As Sundance moments go, the reception for “The Birth of a Nation” was unheard of. The audience gave writer-director-actor Nate Parker a standing ovation before the film began. Now his movie is facing another kind of reception, also unheard of: He must promote the movie while being shadowed by his 1999 rape trial, and news that the accuser committed suicide in 2012.
There are no real precedents for Parker’s situation.
Fox Searchlight executives are presenting a united front. Here’s their official statement: “Searchlight is aware of the incident that occurred while Nate Parker was at Penn State. We also know that he was found innocent and cleared of all charges. We stand behind Nate and are proud to help bring this important and powerful story to the screen.”
Ryan Kobane, Courtesy of Sundance Institute
Inside the company, they’re not abandoning hope of an Oscar. However, already they realize that they can no longer go out wearing that ambition on their sleeves — which is quite something when they won the film in a $17.5 million deal shortly after that Sundance screening. Parker went with Searchlight over a $20-million Netflix offer because he hoped the distributor who took “12 Years a Slave” to a Best Picture win could also boost his movie about the historic Nat Turner slave rebellion. In fact, taking the movie on a national speaking tour to colleges was part of the deal. Sure enough, Oscar pundits declared the drama an early Oscar frontrunner, partly because it followed the year of #oscarssowhite.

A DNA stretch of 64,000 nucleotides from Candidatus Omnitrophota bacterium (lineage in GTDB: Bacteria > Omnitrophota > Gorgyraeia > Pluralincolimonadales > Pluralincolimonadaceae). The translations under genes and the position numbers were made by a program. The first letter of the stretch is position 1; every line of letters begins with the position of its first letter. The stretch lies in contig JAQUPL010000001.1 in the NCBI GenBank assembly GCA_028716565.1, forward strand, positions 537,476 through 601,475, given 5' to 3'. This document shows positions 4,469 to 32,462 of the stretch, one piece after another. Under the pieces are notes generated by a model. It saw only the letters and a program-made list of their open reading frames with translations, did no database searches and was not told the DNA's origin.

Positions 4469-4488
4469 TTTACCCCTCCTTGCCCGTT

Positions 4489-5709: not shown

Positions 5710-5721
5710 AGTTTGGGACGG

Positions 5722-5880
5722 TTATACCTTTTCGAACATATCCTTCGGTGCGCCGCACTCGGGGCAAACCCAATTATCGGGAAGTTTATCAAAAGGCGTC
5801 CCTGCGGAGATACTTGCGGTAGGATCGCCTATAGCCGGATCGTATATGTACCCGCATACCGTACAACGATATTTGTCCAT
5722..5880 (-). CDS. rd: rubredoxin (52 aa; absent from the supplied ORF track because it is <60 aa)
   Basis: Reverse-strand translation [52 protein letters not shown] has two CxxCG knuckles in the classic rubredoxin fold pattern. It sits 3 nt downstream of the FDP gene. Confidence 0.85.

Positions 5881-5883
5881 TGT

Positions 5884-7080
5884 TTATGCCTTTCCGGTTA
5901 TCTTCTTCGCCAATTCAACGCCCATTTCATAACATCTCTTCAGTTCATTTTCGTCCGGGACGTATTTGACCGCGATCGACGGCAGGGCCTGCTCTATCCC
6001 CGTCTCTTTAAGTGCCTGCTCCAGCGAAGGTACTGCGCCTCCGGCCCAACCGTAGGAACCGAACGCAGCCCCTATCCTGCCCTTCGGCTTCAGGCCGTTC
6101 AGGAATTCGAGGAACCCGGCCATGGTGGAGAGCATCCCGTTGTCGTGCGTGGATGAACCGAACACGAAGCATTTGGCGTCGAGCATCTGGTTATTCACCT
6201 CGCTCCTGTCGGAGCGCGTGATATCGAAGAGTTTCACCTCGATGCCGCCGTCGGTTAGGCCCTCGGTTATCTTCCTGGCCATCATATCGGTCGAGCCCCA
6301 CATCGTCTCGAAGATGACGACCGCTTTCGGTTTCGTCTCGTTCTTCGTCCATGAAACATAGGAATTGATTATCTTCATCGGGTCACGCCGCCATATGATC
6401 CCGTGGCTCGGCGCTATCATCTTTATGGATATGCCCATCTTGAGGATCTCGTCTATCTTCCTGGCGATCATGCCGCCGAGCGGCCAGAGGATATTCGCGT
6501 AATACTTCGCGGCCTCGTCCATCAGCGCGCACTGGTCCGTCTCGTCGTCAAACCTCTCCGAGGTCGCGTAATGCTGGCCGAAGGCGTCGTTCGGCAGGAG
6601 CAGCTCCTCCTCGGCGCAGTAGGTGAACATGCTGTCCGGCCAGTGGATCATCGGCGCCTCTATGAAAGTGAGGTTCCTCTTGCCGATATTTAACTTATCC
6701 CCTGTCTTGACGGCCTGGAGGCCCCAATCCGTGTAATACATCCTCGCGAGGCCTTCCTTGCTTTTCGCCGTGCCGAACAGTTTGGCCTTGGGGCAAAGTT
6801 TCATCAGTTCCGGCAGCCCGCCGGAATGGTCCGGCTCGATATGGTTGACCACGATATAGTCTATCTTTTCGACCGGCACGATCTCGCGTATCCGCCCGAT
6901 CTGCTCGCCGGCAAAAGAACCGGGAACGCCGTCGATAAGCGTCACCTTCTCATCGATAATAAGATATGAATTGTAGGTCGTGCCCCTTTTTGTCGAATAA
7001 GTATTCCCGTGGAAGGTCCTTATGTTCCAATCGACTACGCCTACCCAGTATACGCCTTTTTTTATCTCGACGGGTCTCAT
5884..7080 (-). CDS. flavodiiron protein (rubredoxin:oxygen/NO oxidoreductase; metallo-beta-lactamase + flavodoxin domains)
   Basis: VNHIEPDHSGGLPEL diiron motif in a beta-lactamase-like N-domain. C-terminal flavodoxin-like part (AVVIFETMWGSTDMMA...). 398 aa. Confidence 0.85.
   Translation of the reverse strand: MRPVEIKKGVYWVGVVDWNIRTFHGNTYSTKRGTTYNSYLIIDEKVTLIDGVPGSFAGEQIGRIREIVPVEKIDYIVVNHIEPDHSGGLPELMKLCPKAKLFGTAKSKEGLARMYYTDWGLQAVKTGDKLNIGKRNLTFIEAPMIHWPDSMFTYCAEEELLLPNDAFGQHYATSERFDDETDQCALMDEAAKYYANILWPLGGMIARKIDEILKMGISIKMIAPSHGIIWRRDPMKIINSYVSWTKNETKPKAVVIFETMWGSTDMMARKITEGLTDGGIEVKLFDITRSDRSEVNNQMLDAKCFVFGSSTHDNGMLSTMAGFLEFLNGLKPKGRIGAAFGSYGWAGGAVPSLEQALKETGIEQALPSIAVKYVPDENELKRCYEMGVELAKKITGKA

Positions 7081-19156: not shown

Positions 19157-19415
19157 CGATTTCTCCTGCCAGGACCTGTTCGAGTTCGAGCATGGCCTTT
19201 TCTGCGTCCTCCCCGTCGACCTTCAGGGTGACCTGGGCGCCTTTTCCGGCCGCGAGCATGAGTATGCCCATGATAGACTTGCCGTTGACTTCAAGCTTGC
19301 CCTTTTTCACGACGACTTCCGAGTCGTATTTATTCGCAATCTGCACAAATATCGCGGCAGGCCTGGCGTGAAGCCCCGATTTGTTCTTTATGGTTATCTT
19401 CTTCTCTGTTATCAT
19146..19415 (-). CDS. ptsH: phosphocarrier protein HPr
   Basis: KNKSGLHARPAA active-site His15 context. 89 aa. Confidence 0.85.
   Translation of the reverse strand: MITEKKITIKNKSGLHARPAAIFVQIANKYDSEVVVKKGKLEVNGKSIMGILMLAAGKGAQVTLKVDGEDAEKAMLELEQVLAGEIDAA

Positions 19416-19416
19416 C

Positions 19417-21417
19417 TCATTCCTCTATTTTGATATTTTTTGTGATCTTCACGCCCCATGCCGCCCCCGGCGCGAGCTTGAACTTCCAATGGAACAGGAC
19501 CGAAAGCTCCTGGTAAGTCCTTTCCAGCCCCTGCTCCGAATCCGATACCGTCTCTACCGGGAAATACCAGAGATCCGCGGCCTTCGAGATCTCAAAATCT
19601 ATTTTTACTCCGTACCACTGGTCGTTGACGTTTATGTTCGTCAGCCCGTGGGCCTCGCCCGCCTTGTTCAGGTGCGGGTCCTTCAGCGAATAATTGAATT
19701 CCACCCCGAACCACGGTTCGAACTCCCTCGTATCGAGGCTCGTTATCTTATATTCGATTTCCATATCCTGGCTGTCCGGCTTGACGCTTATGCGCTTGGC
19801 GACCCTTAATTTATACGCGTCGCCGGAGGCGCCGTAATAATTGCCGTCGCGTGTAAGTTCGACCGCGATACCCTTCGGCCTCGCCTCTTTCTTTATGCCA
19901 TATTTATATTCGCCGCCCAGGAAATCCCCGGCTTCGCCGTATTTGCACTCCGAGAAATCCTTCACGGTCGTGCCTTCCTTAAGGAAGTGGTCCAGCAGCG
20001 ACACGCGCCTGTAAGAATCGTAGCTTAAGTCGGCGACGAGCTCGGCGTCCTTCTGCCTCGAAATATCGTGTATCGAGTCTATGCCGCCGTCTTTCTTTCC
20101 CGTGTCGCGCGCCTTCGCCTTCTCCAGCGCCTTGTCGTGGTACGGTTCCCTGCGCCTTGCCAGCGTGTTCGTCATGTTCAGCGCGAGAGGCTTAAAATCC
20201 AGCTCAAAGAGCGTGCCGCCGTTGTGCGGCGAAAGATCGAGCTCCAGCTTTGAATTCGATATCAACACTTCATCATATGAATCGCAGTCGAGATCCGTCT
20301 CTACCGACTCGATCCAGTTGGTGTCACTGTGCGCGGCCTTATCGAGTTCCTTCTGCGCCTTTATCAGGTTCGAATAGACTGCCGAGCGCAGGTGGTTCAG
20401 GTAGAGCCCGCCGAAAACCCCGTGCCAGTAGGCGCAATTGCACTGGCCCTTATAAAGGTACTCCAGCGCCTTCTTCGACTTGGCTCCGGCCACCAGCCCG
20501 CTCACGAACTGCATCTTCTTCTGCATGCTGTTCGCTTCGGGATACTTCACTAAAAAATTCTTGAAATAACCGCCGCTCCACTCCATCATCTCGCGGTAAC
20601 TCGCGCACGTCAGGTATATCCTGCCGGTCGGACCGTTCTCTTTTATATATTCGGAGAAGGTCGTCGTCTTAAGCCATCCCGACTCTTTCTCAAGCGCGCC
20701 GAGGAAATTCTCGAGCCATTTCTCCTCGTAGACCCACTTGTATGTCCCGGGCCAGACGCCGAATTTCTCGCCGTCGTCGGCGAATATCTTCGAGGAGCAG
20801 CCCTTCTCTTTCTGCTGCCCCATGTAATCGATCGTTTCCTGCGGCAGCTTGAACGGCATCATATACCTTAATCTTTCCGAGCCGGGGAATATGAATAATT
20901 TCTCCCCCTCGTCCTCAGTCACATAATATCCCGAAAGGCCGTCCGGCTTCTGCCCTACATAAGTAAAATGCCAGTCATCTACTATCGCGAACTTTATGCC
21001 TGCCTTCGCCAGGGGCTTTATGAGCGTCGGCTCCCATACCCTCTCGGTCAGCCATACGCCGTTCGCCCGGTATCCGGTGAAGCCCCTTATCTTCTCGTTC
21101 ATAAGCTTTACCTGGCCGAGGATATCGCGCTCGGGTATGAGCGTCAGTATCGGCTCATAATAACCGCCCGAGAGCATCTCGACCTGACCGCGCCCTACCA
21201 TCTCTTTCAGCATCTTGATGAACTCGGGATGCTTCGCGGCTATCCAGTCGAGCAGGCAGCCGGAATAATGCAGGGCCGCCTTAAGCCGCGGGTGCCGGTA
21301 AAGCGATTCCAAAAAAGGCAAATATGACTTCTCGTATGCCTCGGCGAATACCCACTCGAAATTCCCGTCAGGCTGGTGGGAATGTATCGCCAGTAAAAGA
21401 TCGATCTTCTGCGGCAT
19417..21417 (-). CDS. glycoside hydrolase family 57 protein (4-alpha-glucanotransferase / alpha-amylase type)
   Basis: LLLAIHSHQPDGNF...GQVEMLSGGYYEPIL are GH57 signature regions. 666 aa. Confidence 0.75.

And thus Searchlight executives and Parker will doggedly move forward with planned appearances and interviews at September’s Toronto International Film Festival and other cities ahead of a wide 1500-1800 screen October 7 release. They’re hoping to promote a popular hit to mainstream African-American as well as adult arthouse audiences, despite a tainted frontman.
Whatever the film’s reception may prove to be, the promo tour could prove a real test to any publicity being good publicity. There’s the “Nate Parker, Rapist?” posters that have appeared around West LA; the proliferation of essays weighing the value of the film versus his past; the court documents that detail the case for anyone who wants to read them.
It’s one thing for well-known players who have already earned artistic cred to rise above a scandal. It’s another for a relative unknown. While Parker is familiar to the indie community from acting turns in such films as Denzel Washington’s “The Great Debaters” and two dramas with writer-director Gina Prince-Bythewood (Searchlight’s “The Secret Life of Bees” and Relativity’s “Beyond the Lights”), many in Hollywood still do not know him.